Elementary school teachers who complained that paperwork and an overemphasis on student assessments was eating into planning and teaching time may be getting a more sympathetic ear from the Pasco County school district's new administrative team.
About a dozen of those teachers met last week with Superintendent Kurt Browning and Assistant Superintendent Amelia Van Name Larson to see whether the two sides can resolve the issue without the need for a United School Employees of Pasco appeal to the school board.
"We left the meeting hopeful we could wrap this up," Larson said Friday.
The union filed two grievances in October on behalf of more than 1,300 Pasco County elementary teachers. The teachers said they have had enough of the testing, paperwork and meetings they say dominate their lives and steal time they could use for planning lessons and teaching.
The teachers also argued that the extra work encroaches on their family time and, in some cases, affects their health.
Former Superintendent Heather Fiorentino heard testimony about those grievances Nov. 1 and ruled against the union about two weeks later. She said much of the testing is necessary because of state laws or rules on student assessment.
Lynne Webb, president of the union, said at the time that taking the case to the school board could be the next step, but first the union would try to discuss the concerns with Browning, who was sworn in as the new superintendent Nov. 20.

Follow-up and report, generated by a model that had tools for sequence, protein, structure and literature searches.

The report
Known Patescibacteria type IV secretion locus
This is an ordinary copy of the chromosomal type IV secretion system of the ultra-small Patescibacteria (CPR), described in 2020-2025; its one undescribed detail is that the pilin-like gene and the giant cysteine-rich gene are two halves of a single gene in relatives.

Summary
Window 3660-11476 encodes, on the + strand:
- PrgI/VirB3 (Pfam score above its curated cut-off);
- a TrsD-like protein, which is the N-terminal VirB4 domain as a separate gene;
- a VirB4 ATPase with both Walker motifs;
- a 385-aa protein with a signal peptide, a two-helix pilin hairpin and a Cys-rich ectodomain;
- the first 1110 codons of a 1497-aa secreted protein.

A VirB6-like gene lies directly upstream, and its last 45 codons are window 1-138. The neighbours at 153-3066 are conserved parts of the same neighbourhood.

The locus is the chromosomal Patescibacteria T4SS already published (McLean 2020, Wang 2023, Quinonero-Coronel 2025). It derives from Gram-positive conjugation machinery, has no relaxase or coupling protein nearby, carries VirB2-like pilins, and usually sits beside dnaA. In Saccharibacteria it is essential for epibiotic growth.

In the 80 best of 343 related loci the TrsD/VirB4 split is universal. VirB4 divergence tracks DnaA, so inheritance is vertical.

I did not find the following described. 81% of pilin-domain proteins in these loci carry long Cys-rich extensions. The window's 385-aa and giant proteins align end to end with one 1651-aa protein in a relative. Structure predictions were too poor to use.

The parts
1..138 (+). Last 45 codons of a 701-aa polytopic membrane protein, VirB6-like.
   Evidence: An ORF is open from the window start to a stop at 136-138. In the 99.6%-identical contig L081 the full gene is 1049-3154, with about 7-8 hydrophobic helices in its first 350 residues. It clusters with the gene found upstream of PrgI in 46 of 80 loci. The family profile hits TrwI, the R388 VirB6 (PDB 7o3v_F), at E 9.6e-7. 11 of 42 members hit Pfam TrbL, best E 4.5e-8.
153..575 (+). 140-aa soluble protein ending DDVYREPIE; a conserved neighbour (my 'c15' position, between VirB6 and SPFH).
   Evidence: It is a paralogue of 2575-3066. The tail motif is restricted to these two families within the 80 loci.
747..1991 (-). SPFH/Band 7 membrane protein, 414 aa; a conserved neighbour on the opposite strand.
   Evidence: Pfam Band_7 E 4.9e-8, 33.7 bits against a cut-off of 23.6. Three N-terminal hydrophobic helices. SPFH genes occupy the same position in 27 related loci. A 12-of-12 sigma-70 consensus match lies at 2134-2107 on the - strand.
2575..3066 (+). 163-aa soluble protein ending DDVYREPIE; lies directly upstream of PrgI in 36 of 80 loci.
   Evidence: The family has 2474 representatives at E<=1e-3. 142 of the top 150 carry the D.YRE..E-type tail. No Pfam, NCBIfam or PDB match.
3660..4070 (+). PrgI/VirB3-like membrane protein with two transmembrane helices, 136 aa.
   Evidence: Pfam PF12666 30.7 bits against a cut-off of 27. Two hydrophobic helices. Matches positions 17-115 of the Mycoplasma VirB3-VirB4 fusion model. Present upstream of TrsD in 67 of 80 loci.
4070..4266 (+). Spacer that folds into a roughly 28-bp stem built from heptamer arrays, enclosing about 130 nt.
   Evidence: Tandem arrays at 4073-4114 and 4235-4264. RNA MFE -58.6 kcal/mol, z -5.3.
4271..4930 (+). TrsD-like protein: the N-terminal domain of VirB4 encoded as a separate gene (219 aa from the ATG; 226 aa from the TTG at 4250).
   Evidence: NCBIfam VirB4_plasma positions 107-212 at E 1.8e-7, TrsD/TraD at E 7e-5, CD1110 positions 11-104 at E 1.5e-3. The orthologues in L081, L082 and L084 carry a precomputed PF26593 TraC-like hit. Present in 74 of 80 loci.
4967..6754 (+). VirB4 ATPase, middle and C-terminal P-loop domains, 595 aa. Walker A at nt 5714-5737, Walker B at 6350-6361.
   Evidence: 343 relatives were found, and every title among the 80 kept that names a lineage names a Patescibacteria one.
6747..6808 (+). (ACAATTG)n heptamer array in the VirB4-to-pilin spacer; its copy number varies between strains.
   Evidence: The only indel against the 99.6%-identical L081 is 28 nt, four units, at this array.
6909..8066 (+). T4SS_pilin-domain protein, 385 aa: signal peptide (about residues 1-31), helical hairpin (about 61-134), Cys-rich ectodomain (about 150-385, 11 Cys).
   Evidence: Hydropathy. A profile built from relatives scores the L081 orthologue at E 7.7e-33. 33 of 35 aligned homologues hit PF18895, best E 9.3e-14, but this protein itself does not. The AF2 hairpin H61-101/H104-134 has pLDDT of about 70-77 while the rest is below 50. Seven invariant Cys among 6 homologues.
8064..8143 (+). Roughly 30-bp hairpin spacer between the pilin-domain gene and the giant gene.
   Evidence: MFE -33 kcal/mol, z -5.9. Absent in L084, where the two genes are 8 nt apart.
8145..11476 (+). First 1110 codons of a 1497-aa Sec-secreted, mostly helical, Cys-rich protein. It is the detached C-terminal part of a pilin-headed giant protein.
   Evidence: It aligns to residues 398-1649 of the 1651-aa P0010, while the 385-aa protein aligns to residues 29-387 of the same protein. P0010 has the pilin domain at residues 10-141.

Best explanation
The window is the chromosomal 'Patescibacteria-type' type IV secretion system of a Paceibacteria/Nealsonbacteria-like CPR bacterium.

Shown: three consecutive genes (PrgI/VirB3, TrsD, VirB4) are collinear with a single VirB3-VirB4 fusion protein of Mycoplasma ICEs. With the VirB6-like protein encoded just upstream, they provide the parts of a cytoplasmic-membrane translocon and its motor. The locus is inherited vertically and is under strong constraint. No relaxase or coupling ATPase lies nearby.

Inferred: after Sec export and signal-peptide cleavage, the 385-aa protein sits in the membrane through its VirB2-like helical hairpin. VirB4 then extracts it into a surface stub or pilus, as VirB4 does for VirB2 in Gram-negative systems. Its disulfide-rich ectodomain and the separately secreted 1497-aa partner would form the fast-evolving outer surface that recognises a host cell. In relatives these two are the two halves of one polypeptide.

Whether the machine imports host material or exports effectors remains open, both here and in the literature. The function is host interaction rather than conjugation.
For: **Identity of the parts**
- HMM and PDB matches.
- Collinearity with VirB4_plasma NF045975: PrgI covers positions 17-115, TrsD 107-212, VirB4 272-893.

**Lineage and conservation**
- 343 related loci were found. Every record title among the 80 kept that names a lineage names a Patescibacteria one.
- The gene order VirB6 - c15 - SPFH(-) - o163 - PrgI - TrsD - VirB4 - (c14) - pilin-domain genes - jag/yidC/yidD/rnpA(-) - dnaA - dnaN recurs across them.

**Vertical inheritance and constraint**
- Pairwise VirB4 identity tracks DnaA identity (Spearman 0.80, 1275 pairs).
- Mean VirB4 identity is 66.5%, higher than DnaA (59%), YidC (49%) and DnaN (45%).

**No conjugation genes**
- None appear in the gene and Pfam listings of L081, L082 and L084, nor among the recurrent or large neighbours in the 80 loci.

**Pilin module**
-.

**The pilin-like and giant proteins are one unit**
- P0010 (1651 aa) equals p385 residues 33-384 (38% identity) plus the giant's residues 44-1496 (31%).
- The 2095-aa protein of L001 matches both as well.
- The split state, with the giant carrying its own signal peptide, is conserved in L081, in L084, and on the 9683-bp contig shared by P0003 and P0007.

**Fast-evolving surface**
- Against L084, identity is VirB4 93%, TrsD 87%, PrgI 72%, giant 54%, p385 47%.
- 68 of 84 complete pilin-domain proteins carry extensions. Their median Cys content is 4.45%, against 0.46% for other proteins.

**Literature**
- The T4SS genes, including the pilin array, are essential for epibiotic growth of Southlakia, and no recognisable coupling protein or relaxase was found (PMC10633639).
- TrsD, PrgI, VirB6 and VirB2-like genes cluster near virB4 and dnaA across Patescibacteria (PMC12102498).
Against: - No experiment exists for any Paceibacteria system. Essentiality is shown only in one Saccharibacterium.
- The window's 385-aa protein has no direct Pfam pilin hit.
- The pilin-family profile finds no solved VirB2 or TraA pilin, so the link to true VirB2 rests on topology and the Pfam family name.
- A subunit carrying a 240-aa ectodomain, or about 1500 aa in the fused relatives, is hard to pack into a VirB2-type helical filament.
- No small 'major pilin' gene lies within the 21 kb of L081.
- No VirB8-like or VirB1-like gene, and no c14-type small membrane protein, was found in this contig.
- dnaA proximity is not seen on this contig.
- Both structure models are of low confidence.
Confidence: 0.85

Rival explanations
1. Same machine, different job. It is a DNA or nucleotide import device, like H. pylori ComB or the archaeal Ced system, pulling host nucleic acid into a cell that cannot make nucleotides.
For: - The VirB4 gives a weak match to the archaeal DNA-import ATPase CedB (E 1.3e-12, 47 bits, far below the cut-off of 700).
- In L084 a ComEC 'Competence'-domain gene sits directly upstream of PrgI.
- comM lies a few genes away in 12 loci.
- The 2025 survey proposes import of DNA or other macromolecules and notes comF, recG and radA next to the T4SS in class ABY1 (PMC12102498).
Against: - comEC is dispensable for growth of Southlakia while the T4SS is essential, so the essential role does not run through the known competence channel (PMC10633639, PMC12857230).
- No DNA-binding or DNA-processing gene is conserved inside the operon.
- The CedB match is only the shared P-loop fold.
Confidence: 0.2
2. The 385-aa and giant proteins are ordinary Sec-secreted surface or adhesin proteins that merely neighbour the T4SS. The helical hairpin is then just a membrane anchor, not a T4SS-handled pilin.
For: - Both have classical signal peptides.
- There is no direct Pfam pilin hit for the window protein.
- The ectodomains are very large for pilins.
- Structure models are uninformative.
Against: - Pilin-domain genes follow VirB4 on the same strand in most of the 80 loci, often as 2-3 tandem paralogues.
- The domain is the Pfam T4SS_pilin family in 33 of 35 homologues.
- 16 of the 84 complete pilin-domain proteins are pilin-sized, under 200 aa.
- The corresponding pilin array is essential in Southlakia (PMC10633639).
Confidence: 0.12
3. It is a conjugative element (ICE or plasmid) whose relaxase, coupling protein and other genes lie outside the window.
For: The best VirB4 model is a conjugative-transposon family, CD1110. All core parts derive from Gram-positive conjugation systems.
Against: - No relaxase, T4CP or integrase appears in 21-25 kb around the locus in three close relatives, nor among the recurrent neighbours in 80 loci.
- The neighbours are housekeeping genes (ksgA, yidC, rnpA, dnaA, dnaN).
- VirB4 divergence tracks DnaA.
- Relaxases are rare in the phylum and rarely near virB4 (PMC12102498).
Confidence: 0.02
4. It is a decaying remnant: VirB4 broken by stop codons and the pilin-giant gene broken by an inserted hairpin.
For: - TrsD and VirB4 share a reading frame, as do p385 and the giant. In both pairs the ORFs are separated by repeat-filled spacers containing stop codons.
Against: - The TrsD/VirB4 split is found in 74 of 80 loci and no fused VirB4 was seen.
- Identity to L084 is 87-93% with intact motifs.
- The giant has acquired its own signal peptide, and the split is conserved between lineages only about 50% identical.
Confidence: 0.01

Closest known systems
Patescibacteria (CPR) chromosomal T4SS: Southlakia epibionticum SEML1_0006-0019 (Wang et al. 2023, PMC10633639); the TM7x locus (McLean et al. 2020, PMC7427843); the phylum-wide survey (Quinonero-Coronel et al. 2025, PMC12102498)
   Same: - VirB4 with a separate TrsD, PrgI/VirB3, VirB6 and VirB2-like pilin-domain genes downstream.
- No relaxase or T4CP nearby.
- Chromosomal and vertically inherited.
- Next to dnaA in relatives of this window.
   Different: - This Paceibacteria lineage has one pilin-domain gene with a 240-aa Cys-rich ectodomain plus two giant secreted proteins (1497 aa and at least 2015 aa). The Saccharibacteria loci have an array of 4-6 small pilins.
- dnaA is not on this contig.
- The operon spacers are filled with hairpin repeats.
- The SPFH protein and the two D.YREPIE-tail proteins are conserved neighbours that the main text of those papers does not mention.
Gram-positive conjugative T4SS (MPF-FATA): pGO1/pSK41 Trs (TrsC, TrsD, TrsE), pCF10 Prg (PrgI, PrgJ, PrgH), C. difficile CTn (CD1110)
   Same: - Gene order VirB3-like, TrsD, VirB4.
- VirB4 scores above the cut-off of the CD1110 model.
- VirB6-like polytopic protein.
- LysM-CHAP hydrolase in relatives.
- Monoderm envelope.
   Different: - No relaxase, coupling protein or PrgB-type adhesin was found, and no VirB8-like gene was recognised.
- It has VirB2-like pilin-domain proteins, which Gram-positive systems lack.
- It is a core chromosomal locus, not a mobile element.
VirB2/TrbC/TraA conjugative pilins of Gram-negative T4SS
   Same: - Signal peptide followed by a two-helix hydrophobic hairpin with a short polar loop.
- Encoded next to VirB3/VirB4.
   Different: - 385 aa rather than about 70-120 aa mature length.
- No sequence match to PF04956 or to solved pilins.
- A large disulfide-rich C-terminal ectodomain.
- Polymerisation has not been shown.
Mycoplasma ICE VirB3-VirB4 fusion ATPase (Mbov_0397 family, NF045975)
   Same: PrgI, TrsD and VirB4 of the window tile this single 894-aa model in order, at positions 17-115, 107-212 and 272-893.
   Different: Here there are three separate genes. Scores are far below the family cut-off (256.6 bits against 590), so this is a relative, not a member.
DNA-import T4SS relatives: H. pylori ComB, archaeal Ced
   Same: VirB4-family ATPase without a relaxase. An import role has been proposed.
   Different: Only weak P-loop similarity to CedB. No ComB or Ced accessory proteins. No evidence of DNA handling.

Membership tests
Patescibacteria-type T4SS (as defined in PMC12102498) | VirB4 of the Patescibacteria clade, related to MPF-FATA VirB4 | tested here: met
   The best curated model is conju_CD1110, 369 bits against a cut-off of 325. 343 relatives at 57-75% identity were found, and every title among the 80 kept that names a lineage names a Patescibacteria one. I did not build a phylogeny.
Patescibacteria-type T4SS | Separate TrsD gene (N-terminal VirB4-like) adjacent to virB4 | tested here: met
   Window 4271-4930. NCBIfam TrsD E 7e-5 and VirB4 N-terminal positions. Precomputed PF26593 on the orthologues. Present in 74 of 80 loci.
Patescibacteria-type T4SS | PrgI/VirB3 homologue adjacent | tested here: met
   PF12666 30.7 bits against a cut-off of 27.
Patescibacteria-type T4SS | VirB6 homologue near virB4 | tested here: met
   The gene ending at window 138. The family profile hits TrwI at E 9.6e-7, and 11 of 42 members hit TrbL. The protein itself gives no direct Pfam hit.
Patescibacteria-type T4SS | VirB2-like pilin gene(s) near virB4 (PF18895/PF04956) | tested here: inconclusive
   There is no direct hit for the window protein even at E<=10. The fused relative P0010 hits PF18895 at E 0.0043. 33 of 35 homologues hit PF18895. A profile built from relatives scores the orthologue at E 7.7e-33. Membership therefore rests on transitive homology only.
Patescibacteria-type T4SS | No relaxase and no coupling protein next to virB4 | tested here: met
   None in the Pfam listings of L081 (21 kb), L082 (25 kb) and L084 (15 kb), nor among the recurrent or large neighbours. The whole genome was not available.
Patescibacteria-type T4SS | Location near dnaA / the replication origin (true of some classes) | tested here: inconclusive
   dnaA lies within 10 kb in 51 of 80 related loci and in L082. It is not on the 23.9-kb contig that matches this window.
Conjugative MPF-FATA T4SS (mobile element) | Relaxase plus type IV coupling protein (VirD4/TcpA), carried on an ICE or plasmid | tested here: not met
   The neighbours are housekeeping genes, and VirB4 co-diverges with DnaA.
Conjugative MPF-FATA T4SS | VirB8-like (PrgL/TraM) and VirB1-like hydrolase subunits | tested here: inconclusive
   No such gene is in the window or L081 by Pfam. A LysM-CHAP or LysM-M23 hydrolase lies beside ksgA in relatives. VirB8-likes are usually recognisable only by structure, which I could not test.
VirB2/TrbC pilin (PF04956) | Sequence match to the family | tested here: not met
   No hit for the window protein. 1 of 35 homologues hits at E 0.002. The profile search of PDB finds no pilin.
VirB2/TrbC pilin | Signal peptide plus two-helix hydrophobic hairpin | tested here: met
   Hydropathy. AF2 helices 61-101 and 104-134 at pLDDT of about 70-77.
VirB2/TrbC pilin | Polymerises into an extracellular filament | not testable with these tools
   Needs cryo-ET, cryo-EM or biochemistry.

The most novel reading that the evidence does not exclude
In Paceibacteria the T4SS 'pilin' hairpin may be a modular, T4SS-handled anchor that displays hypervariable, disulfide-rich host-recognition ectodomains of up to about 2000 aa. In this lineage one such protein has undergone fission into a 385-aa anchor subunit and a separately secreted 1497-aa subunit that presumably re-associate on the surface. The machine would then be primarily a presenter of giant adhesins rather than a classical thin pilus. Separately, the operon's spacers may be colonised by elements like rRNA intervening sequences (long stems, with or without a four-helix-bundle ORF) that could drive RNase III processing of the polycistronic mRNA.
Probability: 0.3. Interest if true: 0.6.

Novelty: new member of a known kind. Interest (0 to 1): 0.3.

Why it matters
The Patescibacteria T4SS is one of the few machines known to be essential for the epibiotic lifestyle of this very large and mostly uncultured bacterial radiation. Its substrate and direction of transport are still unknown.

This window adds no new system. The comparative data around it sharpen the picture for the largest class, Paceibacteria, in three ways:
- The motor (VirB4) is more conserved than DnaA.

Larson described last week's meeting with the teachers as productive. As part of the meeting, she said, they also discussed how the new Common Core State Standards that Florida is implementing come into play.
In preparation for the meeting, Larson created a table that listed the tests used to assess students, breaking out which ones the state mandates, which ones the school district requires and which are optional.
Larson said the administration's view is that improving student achievement is not negotiable, but the teachers should have input into the decisions about which assessments to use.
"I think they need some flexibility," she said.
Although no resolution is set yet, the teachers who participated in the meeting came away optimistic, based on emails some of them sent to Larson.
"This was a highly productive think tank and I know my fellow teachers will be glad to hear that 'the district' is listening, and more importantly responding and reacting," wrote Chris Church, a teacher at Lake Myrtle Elementary in Land O' Lakes.
"It will be reassuring for all to know that we are progressing as a district with clear vision and guidance."
Lisa Mazza, a West Zephyrhills Elementary teacher, wrote that she had been feeling discouraged, but the meeting left her hopeful that a solution is possible.
"Our conversation was productive and addressed the assessment issues with genuine concern for the students in our classrooms and the teachers that work with them," Mazza wrote.